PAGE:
Alaska Fish & Wildlife News
September 2012

Trapping Photos Needed

By Staff
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A marten peers down from a tree. Marten are the most sought-after furbearer in Alaska. Photo courtesy Stan Zuray.

The Division of Wildlife Conservation is looking for photographs showing all aspects of trapping and fur handling. We’d like pictures of animals, people setting traps, checking traps, processing animals, fleshing and stretching fur - any images that reflect the experience of trapping.

Each spring the Division of Wildlife Conservation surveys trappers about their catch, furbearer populations, trapping conditions, and their experiences during the previous season. The results of that survey are summarized in the “Annual Trapper Questionnaire Report.”

“Aside from fur sealing records, this is the only statewide information the Division regularly collects about trapping and furbearers,” said Trapper Questionnaire Coordinator Tom Schumacher. “In addition to providing important information for managers, we also try to make this report informative and enjoyable for trappers. One way we do that is to include photographs of trappers, but we have few new photos for future reports and are asking for help from trappers.”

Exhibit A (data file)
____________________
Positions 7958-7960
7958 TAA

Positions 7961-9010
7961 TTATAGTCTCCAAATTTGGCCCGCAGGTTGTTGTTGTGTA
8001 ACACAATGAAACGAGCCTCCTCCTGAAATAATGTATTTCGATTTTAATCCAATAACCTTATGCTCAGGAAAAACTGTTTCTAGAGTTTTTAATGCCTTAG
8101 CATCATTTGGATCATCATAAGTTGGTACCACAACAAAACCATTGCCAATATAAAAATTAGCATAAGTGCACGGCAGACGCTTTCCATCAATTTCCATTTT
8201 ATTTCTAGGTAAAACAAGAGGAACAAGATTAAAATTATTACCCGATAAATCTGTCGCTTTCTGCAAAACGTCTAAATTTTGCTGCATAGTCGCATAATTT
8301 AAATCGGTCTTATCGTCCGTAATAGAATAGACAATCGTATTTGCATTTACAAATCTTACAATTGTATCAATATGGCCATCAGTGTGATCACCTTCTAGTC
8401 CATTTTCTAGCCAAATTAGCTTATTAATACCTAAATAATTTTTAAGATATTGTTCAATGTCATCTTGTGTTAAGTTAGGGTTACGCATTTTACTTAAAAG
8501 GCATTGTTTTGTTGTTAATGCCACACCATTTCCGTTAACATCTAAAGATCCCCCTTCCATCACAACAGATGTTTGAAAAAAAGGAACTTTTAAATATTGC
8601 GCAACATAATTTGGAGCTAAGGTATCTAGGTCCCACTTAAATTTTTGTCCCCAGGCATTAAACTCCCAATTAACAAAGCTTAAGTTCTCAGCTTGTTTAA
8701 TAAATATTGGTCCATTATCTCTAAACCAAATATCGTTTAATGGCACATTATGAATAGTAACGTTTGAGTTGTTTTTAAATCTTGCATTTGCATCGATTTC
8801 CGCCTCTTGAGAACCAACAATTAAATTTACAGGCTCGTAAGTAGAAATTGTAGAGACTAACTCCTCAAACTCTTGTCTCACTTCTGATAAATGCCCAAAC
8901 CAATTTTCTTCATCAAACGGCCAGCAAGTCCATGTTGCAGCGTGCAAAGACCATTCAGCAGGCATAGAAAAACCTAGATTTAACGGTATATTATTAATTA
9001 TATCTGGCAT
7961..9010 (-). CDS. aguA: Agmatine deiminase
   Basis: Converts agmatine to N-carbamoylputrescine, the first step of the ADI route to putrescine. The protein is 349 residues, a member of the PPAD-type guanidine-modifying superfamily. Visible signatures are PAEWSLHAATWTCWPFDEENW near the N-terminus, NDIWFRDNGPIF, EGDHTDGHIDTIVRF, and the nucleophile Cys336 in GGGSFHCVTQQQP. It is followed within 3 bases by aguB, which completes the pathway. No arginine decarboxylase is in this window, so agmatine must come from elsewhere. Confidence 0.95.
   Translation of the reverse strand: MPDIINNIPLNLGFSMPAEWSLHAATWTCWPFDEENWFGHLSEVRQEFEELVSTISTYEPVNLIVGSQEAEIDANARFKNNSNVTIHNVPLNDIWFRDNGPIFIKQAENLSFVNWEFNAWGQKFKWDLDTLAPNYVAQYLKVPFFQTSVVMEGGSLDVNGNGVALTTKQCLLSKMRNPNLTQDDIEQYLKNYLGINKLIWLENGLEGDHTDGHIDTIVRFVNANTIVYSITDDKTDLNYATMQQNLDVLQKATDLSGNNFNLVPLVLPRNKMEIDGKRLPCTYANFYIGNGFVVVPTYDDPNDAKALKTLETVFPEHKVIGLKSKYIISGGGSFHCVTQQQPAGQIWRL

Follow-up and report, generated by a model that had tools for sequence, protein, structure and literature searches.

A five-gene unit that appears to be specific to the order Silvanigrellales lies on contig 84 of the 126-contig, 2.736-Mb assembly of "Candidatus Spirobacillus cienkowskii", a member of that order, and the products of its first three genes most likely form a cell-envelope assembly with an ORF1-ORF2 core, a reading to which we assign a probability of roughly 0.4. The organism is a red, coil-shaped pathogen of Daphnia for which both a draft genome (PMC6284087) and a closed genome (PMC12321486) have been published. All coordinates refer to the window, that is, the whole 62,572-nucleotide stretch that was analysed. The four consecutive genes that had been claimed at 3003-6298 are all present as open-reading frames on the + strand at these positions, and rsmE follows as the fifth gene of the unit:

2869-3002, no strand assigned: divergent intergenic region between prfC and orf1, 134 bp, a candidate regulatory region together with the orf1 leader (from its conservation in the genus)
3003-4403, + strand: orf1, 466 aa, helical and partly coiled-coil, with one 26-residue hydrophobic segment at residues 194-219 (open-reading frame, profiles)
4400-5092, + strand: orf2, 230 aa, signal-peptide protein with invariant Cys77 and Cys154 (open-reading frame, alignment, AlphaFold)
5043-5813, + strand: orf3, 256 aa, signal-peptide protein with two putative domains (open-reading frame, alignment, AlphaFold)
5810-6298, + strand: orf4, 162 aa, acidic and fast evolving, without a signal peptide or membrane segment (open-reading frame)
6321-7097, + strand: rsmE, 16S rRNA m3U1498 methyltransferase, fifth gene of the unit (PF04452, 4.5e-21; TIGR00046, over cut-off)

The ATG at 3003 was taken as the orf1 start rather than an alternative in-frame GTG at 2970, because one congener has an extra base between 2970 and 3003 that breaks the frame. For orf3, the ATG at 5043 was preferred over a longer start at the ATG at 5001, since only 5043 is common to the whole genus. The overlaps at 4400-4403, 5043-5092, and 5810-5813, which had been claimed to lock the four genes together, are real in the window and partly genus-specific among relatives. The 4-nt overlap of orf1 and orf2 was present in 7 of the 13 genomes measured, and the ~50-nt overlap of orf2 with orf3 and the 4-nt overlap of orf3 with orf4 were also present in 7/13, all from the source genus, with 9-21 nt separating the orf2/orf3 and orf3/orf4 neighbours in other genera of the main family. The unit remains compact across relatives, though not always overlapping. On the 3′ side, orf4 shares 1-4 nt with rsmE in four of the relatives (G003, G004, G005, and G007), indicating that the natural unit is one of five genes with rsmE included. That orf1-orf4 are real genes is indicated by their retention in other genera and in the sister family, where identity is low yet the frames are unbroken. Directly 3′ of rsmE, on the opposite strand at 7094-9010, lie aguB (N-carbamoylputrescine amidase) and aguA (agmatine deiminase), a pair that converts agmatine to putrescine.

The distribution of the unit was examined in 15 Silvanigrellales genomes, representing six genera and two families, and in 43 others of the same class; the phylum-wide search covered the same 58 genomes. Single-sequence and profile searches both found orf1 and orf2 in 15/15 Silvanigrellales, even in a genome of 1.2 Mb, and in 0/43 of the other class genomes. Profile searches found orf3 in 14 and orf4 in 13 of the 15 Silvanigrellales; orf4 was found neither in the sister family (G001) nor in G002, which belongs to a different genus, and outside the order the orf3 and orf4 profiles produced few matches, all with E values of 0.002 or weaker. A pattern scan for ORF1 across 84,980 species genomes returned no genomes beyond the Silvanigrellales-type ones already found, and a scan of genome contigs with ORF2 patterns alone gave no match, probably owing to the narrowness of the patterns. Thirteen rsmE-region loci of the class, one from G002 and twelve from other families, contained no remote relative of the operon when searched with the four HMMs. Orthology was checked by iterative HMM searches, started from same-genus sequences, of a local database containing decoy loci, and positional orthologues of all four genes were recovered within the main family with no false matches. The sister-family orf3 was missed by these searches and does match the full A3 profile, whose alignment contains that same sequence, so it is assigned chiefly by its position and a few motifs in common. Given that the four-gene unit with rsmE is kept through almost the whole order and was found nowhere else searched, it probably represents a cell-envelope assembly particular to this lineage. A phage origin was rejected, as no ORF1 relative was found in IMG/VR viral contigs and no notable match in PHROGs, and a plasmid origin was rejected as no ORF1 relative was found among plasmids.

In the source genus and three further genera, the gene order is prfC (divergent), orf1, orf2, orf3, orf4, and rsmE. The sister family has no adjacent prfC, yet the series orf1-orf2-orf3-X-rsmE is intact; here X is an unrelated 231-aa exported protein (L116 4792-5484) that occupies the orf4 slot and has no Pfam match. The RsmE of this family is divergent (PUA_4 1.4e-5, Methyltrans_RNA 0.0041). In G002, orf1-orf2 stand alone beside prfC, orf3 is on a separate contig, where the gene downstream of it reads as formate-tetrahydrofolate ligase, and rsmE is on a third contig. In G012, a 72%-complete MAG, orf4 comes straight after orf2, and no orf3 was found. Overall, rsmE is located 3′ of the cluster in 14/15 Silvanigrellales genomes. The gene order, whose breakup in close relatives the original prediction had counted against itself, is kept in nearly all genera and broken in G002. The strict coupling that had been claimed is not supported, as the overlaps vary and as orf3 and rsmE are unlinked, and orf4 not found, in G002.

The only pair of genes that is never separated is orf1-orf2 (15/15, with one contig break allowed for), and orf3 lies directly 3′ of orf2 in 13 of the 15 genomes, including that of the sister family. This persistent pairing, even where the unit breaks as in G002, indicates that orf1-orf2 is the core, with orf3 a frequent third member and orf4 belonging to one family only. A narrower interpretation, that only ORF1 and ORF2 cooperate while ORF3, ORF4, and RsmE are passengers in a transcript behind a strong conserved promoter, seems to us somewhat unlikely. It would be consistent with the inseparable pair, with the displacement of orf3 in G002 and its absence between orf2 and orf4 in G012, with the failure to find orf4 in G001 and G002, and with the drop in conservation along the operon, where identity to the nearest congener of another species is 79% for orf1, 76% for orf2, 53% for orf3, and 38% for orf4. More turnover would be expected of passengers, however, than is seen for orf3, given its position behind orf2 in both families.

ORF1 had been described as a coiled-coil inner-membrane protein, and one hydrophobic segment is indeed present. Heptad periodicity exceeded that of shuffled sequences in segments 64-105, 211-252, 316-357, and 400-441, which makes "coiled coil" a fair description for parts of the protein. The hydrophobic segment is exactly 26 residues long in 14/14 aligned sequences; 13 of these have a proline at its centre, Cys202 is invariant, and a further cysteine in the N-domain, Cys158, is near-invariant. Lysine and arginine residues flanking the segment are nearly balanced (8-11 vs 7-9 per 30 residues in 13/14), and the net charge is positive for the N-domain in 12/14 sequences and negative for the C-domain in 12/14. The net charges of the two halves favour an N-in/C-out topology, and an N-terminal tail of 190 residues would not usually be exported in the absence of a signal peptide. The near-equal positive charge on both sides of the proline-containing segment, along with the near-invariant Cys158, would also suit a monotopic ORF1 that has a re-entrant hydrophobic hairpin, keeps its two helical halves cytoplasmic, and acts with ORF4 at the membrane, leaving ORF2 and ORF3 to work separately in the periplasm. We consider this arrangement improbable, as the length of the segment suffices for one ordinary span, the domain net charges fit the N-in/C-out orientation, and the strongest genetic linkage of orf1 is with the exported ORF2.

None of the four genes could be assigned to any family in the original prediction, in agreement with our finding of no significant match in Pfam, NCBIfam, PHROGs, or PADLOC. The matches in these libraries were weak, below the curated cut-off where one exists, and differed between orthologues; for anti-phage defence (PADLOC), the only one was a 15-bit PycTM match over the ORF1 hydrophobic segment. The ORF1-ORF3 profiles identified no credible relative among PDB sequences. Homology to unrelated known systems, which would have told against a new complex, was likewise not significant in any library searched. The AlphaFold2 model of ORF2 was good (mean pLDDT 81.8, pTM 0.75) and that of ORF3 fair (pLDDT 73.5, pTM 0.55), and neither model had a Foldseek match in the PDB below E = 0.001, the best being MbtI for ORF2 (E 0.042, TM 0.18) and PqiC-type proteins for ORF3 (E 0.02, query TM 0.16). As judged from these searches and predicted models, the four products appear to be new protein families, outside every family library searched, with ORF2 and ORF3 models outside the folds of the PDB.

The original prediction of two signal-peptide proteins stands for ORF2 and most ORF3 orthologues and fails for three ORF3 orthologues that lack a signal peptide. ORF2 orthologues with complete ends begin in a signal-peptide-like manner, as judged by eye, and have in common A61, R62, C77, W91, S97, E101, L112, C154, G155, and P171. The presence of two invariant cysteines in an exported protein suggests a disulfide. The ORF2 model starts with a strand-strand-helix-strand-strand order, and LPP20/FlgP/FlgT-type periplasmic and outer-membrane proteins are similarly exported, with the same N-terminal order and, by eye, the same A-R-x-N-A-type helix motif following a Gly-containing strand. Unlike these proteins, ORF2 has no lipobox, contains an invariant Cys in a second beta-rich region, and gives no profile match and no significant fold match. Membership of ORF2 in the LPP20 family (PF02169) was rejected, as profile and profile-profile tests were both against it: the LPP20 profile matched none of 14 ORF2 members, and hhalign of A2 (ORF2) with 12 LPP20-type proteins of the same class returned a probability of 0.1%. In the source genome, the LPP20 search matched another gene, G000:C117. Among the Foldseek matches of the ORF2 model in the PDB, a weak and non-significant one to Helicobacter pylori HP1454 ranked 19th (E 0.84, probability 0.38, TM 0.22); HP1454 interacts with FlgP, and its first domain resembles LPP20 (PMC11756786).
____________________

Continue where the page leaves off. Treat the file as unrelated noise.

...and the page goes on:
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Alaska trapper Stan Zuray making a marten set. Zuray is one of the few trappers still using a dog team on his trapline.

“If a trapper/photographers is willing to let the department use photos for other purposes, we would add them to our ADF&G image library,” he added. “Please let us know if it’s okay.”

Please e-mail the JPEG as an attachment. Don’t reduce the size, we can accommodate an e-mail up to about 20 MB. We’d appreciate any information you can provide for a caption – where the photo was taken, what’s happening, who is in it, your name (so we can credit you) and a note that says it’s okay to use.

Send photos to

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